Like most career politicians, the office of interim Democratic Alliance parliamentary leader John Steenhuisen is filled with memorabilia.
These include photos with world leaders, such as former United Kingdom prime minister David Cameron and trinkets from United States presidential elections (but mostly those of Democratic Party candidates). A portrait of former US president John F Kennedy stands out.
Steenhuisen says he regards JFK’s “ask not what your country can do for you” speech as a rallying call, and his motivation to run for the top post in the DA.
“The thing with Kennedy is that what he did was not pander to the prejudices of the electorate.
“He didn’t make promises. He set out challenges,” Steenhuisen adds. “And in South Africa, people need to know we have a big challenge ahead and we have to rise to that and not play to our fears.”
Prior to the turbulence that hit the DA a week ago, Steenhuisen was the party’s chief whip. When Mmusi Maimane resigned as party leader and MP, Steenhuisen lost his post because it is tied to the term of the party’s leader.
But he almost immediately announced he would run for the position of leader of the opposition in Parliament, and days later declared his intention to run as party leader.
“I never thought Mmusi was going to step aside,” Steenhuisen said. “I was under the impression that we would go to an early congress and that he would seek a new mandate.
“But,” he added, “I joined the party with the intention that one day I’d like to lead the party. It’s every politician’s dream.”
Steenhuisen is known as a procedural street fighter, a stickler for parliamentary rules, with an acerbic wit that has often cut deep into the skins of ANC MPs and ministers. He was the DA’s go-to person to sweep parliamentary debates.
He’s had to give that up because the role of leader of the opposition in Parliament rises slightly above the rough and tumble of parliamentary politics.
“Not heckling is going to require a little bit of restraint in the short term but I’ve been a leader in the legislature before [in the Durban metro council and Kwazulu-Natal legislature]. There is a nuanced position, a greater responsibility. And there will be times where we adopt a ‘country first’ approach,” he says.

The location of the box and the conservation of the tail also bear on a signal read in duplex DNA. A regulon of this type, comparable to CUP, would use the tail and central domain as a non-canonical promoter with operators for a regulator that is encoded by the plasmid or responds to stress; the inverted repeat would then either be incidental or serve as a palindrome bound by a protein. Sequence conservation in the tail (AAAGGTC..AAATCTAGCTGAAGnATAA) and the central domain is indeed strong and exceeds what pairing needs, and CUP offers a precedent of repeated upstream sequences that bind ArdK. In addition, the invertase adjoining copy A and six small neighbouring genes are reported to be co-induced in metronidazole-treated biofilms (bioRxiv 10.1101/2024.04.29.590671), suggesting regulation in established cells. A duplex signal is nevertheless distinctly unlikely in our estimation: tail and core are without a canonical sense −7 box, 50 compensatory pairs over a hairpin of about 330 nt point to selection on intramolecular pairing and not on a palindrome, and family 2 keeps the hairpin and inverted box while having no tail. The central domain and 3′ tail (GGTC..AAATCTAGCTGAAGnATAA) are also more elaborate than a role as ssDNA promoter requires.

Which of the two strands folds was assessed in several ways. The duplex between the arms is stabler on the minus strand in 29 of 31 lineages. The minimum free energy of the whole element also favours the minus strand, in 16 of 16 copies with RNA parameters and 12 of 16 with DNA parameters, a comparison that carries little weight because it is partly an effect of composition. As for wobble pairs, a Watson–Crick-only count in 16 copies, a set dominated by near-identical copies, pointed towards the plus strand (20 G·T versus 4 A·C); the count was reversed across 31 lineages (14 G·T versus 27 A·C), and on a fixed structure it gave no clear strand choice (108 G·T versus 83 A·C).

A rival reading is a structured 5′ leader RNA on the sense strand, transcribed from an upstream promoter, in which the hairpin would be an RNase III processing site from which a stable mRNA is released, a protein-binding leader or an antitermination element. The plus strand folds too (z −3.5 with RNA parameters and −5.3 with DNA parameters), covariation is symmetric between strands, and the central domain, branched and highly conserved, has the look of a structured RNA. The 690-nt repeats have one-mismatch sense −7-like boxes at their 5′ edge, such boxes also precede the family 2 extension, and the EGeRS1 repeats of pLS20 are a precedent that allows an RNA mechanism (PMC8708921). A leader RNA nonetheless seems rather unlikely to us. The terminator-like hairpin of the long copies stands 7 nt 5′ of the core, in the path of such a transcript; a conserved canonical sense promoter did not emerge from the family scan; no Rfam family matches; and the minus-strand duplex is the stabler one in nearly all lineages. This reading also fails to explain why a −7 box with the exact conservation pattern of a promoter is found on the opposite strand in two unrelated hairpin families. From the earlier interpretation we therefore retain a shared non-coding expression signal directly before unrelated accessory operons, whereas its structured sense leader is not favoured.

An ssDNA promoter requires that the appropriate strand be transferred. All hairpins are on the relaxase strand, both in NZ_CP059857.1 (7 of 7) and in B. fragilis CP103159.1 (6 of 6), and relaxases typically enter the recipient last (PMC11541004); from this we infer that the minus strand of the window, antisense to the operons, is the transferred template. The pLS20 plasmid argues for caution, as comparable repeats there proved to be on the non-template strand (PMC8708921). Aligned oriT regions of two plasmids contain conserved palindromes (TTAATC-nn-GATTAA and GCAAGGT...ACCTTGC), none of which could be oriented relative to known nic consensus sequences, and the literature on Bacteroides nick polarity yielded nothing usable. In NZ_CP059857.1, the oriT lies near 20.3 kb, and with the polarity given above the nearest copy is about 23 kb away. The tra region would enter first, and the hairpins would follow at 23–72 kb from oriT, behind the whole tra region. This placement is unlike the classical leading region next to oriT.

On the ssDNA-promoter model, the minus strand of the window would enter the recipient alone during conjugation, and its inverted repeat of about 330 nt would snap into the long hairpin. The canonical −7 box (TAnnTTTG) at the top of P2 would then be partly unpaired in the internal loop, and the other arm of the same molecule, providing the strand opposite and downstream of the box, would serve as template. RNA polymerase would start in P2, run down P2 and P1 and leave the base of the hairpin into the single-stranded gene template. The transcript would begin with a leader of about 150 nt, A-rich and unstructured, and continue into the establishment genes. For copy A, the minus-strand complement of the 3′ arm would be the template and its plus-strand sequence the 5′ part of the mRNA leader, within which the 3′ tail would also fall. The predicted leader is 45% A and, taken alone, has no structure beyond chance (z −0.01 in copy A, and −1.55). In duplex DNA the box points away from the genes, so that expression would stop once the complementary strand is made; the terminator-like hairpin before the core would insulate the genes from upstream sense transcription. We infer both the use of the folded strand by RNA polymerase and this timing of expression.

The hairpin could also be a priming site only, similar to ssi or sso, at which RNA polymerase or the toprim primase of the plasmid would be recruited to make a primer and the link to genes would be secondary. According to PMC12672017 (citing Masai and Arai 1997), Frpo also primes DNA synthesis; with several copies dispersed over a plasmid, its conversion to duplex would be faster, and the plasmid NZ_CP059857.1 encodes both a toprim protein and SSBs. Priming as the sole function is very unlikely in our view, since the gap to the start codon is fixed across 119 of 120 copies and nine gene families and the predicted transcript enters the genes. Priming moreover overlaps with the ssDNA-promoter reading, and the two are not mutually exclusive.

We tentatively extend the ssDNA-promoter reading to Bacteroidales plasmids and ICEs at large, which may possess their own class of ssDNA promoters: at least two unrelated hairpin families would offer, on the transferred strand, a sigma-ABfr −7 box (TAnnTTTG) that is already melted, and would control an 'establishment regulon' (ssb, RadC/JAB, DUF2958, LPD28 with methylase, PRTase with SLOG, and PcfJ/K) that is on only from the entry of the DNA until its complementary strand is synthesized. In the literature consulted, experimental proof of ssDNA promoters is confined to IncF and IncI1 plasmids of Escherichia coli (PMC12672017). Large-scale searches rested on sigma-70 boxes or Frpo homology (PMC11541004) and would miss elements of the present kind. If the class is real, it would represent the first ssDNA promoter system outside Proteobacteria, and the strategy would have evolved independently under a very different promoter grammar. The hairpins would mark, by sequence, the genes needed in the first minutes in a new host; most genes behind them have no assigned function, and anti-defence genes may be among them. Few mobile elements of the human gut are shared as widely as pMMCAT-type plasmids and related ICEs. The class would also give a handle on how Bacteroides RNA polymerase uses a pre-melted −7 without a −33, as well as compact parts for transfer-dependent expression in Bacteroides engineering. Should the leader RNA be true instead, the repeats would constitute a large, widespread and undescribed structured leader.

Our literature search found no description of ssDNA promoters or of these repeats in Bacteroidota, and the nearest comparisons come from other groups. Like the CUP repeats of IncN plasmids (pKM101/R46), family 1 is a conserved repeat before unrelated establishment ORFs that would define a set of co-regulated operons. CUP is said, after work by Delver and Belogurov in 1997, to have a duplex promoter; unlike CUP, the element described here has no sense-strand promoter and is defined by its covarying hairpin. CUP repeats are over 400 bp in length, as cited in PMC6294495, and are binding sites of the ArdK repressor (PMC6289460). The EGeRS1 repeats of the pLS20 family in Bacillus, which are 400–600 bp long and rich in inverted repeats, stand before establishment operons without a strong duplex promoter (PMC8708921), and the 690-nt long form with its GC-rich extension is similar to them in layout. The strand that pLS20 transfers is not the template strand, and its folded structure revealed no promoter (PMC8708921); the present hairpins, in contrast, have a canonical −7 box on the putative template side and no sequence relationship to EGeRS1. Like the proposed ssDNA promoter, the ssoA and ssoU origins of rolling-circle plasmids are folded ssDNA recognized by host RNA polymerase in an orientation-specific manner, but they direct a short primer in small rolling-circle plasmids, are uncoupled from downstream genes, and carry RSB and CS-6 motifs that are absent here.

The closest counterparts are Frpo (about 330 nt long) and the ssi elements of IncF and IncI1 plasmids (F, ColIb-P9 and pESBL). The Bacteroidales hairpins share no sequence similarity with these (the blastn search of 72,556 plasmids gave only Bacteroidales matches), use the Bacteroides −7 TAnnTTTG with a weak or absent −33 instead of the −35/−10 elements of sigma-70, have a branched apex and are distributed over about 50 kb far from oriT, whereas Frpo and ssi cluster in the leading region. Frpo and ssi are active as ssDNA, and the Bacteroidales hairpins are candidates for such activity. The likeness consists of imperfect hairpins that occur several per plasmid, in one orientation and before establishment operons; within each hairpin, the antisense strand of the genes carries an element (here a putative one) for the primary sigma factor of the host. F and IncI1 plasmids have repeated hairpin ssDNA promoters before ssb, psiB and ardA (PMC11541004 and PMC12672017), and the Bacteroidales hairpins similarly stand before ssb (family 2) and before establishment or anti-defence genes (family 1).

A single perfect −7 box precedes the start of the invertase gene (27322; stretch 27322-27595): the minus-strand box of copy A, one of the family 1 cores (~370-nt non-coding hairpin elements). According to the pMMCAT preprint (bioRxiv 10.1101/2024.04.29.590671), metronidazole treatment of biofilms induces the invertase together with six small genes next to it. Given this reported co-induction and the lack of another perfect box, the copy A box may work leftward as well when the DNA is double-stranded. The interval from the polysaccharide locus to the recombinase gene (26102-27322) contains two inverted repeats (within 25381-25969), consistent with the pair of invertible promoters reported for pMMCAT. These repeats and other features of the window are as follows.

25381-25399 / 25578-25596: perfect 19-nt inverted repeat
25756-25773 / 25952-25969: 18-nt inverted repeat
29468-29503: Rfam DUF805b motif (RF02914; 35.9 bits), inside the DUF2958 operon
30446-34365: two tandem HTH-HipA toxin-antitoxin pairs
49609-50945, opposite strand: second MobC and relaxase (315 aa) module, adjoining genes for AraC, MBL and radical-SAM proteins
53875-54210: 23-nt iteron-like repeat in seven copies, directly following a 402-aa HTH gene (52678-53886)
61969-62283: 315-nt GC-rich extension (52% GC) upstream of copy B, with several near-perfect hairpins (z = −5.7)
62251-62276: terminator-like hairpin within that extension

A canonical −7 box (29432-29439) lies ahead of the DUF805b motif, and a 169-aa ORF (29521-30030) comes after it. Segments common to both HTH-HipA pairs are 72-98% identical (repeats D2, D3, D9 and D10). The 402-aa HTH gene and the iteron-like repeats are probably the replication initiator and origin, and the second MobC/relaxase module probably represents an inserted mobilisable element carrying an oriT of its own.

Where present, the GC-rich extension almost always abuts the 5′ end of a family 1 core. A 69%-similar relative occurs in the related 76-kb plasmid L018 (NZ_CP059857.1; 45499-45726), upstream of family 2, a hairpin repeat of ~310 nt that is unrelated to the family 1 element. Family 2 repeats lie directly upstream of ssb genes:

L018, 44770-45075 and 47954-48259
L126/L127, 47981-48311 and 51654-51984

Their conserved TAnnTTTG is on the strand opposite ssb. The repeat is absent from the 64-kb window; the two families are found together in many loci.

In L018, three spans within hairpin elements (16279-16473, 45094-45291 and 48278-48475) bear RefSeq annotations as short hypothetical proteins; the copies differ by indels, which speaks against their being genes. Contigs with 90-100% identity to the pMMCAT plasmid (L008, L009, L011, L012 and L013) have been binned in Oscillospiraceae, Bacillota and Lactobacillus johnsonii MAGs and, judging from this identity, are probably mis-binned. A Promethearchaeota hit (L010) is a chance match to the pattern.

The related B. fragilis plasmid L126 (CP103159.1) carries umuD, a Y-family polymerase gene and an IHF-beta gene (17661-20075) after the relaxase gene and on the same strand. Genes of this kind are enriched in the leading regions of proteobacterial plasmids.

Steenhuisen appears to admire the sporadic bi-partisan co-operation found in the US Congress. “We can reach across the party aisle where we can work together on some things that unite South Africans. We don’t necessarily need a DA solution or an ANC solution but [rather] look at what’s good for the country.”
In his run for the post of party leader, Steenhuisen says he will respect any outcome. “Whatever the outcome of the November election, I will respect that. I won’t be a ‘Bitter Betty’ and storm out of the party. I think I have an offer to make to the people of the DA. And if they don’t want that, I think that’s fine. I’ll come back to Parliament, I’ll pick up a portfolio and continue to work.”
Steenhuisen’s competitors could include Bonginkosi Madikizela, the leader of the DA in the Western Cape, who said party members had suggested they would nominate him as DA leader. Zwakele Mncwango, the party’s leader in KwaZulu-Natal, has also said he is considering running for the post.
Unlike Kennedy, Steenhuisen does not want to build Camelot, the name bestowed on JFK’s presidency legacy.
He believes in what he calls the “project” — growing the party over the long term, and implementing liberal, free-market policies to stave off an economy in free-fall.
The interim party leader said he won’t move into Maimane’s office, saying the period of upheaval is too fresh, and will probably stay among his pictures, books and other memorabilia.